“Indian Horse” will bring understanding and compassion to your heart


Review by Deborah Locke

Indian Horse: A Novel
By Richard Wagamese
Milkweed Editions
Publication: April 10, 2018
240 pages

“Indian Horse” is a pretty rare book in that it gives a vivid picture of old time traditional Ojibwe life that included strong family and clan ties, hunting and gathering, traditional ceremonies, and storytelling. All of these are described in a believable and lyrical way. The words are beautiful.

What writer Richard Wagmese adds to this cultural depiction is an unexpectedly fascinating depiction of ice hockey and the way his protagonist evolved to become one of Canada’s best known players.

I know what you’re thinking. What? Ice hockey? She’s recommending a book on ice hockey? Bear with me, please. Richard Wagamese is a writer of such skill that he makes the story of a small Ojibwe boy’s dream to learn to skate and learn hockey simply breathtaking. Consequently, my delight with this book is more than appreciation for a writer’s talent.

First, Wagamese opened my eyes to a traditional Ojibwe way of life in northern Ontario in the 1950s and 1960s, and later described the cruel experience of forced attendance at boarding schools. Others have written about those things, which takes me to a second reason for liking this story. No American Indian writer to my knowledge has introduced the mystery and elegance of ice hockey into a story. Wagamese’s ragtag hockey team in badly fitting uniforms played its most cohesive best on an ice rink located behind a community center during a blizzard. And they did that time after time, year after year. The weather never inhibited the enthusiastic game spectators either, who showed up in support of the local team no matter what.

The story is narrated by Saul Iron Horse, Ojibwe, from Winnipeg’s Fish Clan. The book opens with Saul as an adult alcoholic in a treatment facility. His counselor tells him to tell the story of his life because it is the only way to set himself free from the bottle and the life that led him there.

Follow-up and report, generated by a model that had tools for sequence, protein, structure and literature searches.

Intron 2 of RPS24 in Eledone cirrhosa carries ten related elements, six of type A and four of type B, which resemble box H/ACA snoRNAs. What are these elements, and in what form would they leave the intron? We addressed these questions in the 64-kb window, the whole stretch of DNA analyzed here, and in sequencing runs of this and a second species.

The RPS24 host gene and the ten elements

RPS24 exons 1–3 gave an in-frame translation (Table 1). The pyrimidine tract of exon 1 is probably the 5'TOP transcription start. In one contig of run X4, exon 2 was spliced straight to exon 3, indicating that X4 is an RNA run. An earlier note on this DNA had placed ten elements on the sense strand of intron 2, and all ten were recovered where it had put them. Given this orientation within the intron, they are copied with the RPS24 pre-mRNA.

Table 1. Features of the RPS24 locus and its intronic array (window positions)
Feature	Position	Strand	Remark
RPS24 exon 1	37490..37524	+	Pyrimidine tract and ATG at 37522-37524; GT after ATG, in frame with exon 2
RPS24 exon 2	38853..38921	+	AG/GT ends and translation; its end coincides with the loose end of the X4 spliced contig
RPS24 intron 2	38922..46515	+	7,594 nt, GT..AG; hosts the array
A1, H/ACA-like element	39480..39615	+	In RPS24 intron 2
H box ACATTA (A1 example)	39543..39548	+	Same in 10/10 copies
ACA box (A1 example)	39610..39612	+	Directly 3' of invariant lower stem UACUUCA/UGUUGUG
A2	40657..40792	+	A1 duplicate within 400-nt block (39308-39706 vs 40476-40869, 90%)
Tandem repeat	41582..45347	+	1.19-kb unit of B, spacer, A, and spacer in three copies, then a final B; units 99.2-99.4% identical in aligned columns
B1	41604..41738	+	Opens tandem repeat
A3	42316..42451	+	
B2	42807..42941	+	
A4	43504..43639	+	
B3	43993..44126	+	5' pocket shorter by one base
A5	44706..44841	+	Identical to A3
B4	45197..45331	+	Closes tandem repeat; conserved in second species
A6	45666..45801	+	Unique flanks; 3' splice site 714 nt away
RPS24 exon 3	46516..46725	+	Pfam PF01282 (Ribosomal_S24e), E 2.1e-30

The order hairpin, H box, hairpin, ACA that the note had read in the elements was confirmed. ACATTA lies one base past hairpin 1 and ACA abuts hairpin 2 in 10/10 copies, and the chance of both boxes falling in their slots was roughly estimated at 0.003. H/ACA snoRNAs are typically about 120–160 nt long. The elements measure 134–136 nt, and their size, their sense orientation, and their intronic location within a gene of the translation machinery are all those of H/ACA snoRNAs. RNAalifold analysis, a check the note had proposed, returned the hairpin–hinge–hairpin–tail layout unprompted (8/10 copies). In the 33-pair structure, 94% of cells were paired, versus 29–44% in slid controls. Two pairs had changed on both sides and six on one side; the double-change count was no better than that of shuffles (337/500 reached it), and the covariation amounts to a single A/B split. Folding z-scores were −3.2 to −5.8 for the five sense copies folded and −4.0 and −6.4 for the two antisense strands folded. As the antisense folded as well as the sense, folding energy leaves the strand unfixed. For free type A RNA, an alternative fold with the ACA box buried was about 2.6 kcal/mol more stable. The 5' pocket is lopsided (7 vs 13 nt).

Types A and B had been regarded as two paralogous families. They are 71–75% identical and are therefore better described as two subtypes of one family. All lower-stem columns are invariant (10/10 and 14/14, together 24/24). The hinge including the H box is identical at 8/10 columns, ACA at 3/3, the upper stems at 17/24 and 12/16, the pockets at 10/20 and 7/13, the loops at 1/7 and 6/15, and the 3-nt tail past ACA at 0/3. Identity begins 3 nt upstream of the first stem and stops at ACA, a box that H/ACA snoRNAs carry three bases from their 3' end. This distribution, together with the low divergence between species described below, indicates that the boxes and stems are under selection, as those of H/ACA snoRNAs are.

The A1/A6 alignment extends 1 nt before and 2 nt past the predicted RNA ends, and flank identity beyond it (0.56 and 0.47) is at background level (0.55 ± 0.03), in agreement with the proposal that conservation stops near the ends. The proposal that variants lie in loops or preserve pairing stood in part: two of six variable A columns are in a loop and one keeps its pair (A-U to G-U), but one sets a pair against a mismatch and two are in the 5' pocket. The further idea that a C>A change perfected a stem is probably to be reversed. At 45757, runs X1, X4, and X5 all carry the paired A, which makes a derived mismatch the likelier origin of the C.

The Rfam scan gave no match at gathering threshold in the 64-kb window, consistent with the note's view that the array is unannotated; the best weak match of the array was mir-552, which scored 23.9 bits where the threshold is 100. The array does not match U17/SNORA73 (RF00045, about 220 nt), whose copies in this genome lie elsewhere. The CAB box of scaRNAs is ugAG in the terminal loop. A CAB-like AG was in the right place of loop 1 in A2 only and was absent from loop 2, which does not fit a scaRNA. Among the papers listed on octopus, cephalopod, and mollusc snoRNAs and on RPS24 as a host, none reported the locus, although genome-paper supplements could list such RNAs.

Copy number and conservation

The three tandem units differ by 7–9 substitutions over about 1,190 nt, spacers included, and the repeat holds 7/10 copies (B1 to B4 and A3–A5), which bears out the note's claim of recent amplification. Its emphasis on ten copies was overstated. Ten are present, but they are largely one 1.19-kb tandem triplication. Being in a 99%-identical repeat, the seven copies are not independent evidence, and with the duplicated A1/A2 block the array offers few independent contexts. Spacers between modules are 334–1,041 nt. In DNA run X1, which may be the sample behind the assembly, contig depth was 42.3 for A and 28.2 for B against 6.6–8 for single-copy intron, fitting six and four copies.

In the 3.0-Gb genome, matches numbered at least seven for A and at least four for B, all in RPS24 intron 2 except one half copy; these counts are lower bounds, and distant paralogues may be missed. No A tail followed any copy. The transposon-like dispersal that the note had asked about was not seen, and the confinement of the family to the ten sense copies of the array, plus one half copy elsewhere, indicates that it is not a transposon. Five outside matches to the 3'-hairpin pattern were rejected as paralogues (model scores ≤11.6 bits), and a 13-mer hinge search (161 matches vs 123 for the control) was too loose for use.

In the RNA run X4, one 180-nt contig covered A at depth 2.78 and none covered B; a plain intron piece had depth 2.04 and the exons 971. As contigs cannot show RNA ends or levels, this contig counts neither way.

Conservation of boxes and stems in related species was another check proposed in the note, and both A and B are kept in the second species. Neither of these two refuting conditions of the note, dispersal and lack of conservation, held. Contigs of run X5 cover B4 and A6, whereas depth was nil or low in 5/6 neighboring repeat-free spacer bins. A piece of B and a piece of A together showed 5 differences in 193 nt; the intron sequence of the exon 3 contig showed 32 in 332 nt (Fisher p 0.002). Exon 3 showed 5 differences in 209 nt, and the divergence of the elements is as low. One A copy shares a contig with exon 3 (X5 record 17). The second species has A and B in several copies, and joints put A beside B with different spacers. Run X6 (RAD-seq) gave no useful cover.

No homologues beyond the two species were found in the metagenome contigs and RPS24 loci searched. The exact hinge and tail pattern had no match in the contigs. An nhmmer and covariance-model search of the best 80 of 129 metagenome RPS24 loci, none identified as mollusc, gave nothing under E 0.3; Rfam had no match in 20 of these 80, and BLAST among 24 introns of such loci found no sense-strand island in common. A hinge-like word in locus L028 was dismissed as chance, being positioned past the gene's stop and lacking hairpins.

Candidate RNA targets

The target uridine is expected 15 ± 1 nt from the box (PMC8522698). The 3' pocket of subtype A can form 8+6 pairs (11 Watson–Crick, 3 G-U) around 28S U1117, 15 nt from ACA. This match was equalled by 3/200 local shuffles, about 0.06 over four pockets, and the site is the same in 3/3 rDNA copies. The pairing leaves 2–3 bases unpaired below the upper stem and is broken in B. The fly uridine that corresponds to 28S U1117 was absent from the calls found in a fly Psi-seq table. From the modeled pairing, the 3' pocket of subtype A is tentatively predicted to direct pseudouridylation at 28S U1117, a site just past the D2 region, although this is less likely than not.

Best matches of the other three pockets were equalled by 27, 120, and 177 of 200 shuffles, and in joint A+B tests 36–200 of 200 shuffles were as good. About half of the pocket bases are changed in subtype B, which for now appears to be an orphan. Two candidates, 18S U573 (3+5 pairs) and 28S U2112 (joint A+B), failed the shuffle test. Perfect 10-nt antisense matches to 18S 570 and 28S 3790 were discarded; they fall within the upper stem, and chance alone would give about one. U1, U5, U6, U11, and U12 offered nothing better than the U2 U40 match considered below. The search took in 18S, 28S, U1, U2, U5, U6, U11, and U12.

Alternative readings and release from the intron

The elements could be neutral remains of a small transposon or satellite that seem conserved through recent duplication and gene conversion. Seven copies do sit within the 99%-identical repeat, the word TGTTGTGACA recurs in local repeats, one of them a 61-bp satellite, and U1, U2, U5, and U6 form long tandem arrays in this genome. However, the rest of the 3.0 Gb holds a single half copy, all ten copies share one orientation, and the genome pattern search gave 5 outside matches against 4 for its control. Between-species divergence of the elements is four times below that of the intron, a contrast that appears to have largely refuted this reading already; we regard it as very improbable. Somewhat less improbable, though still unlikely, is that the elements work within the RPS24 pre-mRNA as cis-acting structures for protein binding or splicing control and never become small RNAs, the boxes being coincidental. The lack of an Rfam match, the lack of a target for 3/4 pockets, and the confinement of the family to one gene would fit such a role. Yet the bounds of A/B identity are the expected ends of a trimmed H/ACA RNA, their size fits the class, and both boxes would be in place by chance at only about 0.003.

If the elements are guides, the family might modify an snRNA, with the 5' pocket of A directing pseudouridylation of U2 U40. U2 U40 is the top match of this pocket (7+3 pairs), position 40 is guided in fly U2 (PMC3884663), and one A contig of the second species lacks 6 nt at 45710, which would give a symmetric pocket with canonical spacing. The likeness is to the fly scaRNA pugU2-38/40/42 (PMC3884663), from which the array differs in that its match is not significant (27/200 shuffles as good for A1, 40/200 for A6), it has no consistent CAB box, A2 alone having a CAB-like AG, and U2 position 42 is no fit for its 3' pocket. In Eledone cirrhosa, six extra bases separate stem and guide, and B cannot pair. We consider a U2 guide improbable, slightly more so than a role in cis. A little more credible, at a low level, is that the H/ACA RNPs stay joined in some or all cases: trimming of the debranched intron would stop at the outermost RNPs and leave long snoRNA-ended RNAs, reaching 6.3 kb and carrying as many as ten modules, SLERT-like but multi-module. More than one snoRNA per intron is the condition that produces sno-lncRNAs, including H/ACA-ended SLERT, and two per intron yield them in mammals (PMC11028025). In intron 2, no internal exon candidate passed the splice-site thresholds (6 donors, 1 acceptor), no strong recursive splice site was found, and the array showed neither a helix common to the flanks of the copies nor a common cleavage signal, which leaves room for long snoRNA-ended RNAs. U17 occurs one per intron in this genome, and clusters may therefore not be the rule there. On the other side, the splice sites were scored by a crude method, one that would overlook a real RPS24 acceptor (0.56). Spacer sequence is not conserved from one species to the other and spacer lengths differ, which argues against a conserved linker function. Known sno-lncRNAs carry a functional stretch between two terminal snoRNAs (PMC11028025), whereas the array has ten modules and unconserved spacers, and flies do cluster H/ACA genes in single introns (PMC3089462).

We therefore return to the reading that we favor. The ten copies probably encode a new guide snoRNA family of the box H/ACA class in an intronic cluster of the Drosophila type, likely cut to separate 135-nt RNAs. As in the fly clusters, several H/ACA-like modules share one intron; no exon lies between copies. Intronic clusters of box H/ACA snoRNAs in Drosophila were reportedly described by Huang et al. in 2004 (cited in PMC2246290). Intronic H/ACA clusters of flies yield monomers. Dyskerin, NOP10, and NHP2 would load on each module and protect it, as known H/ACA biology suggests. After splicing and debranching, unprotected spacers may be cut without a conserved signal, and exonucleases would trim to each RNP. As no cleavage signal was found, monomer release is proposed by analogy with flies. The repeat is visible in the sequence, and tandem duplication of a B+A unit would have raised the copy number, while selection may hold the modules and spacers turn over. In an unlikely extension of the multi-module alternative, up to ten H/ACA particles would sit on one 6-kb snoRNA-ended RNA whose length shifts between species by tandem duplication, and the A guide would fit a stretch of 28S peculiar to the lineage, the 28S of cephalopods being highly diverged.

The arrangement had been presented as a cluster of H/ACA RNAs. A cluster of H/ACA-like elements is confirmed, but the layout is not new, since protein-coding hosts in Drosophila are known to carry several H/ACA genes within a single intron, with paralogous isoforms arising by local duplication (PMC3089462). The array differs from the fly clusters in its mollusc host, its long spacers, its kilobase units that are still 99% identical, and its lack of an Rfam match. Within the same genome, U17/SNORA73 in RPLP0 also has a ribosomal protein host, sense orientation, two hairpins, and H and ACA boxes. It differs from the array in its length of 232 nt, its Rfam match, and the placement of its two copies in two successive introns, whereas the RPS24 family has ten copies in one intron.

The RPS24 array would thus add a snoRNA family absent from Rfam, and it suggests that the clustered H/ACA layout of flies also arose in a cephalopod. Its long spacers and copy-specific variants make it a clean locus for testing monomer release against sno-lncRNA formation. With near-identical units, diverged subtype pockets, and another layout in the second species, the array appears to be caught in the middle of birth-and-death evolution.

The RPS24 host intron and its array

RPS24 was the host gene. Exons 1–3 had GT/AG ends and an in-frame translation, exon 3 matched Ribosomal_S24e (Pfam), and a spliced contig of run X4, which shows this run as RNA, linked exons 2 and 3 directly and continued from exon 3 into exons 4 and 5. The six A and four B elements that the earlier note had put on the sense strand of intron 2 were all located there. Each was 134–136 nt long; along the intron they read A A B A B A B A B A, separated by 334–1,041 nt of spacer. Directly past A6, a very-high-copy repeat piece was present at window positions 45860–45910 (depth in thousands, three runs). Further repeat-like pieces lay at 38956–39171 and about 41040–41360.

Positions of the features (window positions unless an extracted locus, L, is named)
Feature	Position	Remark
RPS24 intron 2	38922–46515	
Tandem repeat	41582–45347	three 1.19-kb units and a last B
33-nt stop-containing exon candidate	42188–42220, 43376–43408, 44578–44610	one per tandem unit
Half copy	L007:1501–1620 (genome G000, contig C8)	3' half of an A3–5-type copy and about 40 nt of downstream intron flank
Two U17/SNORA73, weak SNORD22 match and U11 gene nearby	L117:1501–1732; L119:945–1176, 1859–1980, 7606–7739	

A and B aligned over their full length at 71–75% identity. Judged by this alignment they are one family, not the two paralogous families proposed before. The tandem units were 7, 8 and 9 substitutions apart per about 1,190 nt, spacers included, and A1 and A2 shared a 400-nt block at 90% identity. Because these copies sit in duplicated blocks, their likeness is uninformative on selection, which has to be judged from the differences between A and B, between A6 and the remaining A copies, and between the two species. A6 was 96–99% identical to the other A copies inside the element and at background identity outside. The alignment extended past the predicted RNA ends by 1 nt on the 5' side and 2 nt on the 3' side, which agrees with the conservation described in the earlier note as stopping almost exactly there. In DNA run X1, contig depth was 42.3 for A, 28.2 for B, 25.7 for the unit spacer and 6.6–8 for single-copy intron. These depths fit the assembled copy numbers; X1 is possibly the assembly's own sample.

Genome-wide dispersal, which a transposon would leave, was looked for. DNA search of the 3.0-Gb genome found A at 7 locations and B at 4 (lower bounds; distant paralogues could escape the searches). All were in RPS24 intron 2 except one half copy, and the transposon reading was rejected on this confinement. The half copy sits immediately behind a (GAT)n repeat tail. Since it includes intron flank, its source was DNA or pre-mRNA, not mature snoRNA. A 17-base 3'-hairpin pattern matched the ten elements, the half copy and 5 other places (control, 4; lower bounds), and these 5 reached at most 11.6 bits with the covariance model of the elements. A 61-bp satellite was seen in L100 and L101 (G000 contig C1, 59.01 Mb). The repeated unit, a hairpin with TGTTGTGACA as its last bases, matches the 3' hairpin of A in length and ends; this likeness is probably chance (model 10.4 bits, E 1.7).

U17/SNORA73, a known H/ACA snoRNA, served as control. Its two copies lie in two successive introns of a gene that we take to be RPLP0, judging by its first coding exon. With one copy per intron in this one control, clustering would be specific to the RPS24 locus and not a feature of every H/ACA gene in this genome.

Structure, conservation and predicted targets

This is a coming-of-age story. Saul’s family, with his grandmother Naomi as matriarch, lives an isolated traditional life in order to avoid the government employees who steal children and place them in boarding schools designed to take the Indian out of them. Ultimately Saul is placed in one of those schools where he witnesses the violence, sexual assault and cruelty rained on Indian children.

A priest takes an interest in quiet Saul and introduces several boys to televised professional hockey. The priest forms what becomes a powerful boy’s hockey team and Saul becomes a star player. At first he is fascinated with hockey, but is too young to play. So he becomes the team ice rink snow remover, shovels the snow, and teaches himself to skate.

Saul can do more than skate extremely well. He was born with an unusual talent for assessing the opposing team and setting up moves that led to scoring. His talent caught the attention of professional scouts and it is at this level of play that things start to fall apart. The racism that has followed Saul throughout his hockey years becomes too much to bear and he begins to lash out. Events from childhood contribute to his rage, and he decides to return to places from his childhood which were traumatic in some instances, and magical and beautiful in others.

The story lacks self-pity and sentiment; Wagamese presents a straight forward narrative account that you are unlikely to forget, and his words are well spoken. Early on he describes his family’s journey to a camp. “Our canoes skimmed along and as I watched the shoreline it seemed the land itself was in motion. The rocks lay lodged like hymns in the breast of it, and the trees bent upward in praise like crooked fingers. It was glorious.”
Also glorious? A scene describing Saul’s re-entrance to a hockey rink at the end of game. It could bring tears to your eyes, or make you blubber outright like a baby. Ahem.
What’s most certain about “Iron Horse?” The book will bring understanding and compassion to your heart. Keep Kleenex nearby.

Richard Wagamese (1955-2017) was one of Canada’s most well-known and talented novelists, and won many national awards. The book was originally published in 2012; this reprinting is by the Milkweed publications, Minneapolis.